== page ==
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Virtual Asian-American Art Museum Project

Alexei Taylor, Author

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Chen Chi-kwan

1921 Beijing

2009 San Francisco, CA

1923: Nanchang, Jiangxi
1925: Beiping
1929: Nanjing
1949: University of Illinois
1950: University of California, Los Angeles
2005: San Francisco, CA

1944: Bachelor of Architecture Engineering, National Central University, Chongqin, Sichuan
1949: Master of Science in Architecture, University of Illinois
1950: Studied oil painting, ceramics, interior and industrial design, University of California, Los Angeles.
1958: Completed the first stage of design and construction at Tunghai University

Selected Works:
Slave, 1967. Ink and colors on paper, 33 x 33 cm, Collection of the artist's family
Less is More, 1977. Lithograph, 32 x 62 cm, Collection of the artist's family
Clear Day, 1990. Ink and colors on paper, 30 x 61 cm, Collection of the artist's family

Artist Bibliography:

Painting and Architecture of Chen Chi-kwan. Taiwan: Taipei Fine Arts Museum, 2003.
Chen Chi-kwan, The Mind’s Eye: Commemorating the 90th Anniversary of His Birth. Taipei: National Palace Museum, 2009.
Kung-shang, Ho, ed. Chen Chi Kwan Paintings 1940-1980. Taipei: Art Book Co., Ltd., 1981.
Chen Chi-kwan: Chinesische Malerei. Berlin: Staatliche Museen zu Berlin, 1996.
A Retrospective of Chen Chi-kwan at Eighty. Taipei: Art Museum of China, 2000.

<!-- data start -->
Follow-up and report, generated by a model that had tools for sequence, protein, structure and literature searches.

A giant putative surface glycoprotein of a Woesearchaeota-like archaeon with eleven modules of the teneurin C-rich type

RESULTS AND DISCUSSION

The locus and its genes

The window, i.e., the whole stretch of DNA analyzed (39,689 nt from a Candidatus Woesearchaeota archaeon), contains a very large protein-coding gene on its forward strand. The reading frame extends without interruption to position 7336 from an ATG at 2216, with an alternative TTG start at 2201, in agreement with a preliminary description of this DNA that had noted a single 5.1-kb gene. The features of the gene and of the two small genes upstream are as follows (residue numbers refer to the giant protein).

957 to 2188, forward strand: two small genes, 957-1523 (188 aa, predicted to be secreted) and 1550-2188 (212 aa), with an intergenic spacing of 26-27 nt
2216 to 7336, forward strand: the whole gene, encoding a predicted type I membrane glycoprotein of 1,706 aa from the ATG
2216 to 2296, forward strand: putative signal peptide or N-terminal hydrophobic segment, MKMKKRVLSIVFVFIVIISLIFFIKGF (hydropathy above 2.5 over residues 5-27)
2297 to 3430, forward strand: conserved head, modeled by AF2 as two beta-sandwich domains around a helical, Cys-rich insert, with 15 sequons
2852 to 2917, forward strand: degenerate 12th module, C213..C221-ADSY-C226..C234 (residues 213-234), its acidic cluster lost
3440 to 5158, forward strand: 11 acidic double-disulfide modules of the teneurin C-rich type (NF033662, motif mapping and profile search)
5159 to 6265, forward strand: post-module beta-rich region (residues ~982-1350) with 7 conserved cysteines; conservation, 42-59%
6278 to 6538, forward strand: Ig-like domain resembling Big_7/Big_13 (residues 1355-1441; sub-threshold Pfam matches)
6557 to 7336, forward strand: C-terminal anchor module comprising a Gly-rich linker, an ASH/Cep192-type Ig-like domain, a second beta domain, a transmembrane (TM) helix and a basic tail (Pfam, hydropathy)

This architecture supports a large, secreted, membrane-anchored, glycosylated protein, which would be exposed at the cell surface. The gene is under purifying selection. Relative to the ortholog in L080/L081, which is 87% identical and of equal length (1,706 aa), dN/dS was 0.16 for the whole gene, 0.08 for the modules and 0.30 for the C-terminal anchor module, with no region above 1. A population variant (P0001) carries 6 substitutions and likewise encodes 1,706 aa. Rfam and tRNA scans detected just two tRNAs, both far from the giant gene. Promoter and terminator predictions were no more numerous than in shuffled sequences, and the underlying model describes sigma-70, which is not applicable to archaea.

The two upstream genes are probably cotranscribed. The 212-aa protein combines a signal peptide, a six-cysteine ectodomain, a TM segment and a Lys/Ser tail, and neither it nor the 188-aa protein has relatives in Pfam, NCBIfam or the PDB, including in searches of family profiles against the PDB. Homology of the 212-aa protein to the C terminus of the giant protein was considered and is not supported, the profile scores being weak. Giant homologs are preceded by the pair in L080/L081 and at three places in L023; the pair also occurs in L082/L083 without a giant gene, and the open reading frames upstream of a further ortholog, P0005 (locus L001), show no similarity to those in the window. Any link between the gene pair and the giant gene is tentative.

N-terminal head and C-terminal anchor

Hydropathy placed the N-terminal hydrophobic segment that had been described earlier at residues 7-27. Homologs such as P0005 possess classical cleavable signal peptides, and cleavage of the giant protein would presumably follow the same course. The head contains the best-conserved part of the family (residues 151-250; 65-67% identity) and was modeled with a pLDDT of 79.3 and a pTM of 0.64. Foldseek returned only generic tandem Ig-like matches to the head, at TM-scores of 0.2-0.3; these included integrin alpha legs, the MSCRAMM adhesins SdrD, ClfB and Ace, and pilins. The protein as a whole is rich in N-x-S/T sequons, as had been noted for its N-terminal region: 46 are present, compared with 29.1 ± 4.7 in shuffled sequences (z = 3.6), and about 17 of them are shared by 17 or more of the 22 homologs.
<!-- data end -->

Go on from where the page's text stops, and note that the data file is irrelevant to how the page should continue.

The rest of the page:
As a youth in Beijing, Chen Chi Kwan witnessed the launch of the War of Resistance against Japan. His family was forced to move several times as a result of the war. Finally settling in Chongqing, Sichuan Province, Kwan went on to study architecture at Central University. During World War II he served as an interpreter in the China-India-Burma Theater, and once the war ended he returned to settle in Taiwan permanently. He soon completed one of his greatest architectural accomplishments single-handedly overseeing the design of the Luce Memorial Chapel at Tunghai University. Chen Chi-kwan uses a uniquely Western perspective to revolutionize traditional Chinese painting, employing his architectural eye within his art. He combined abstract concepts and monochrome ink to endow Chinese ink painting with modern style. Kwan’s incorporation of architectural lines and minimal use of color inspires the viewer to focus on an evaluation of forms and special composition.
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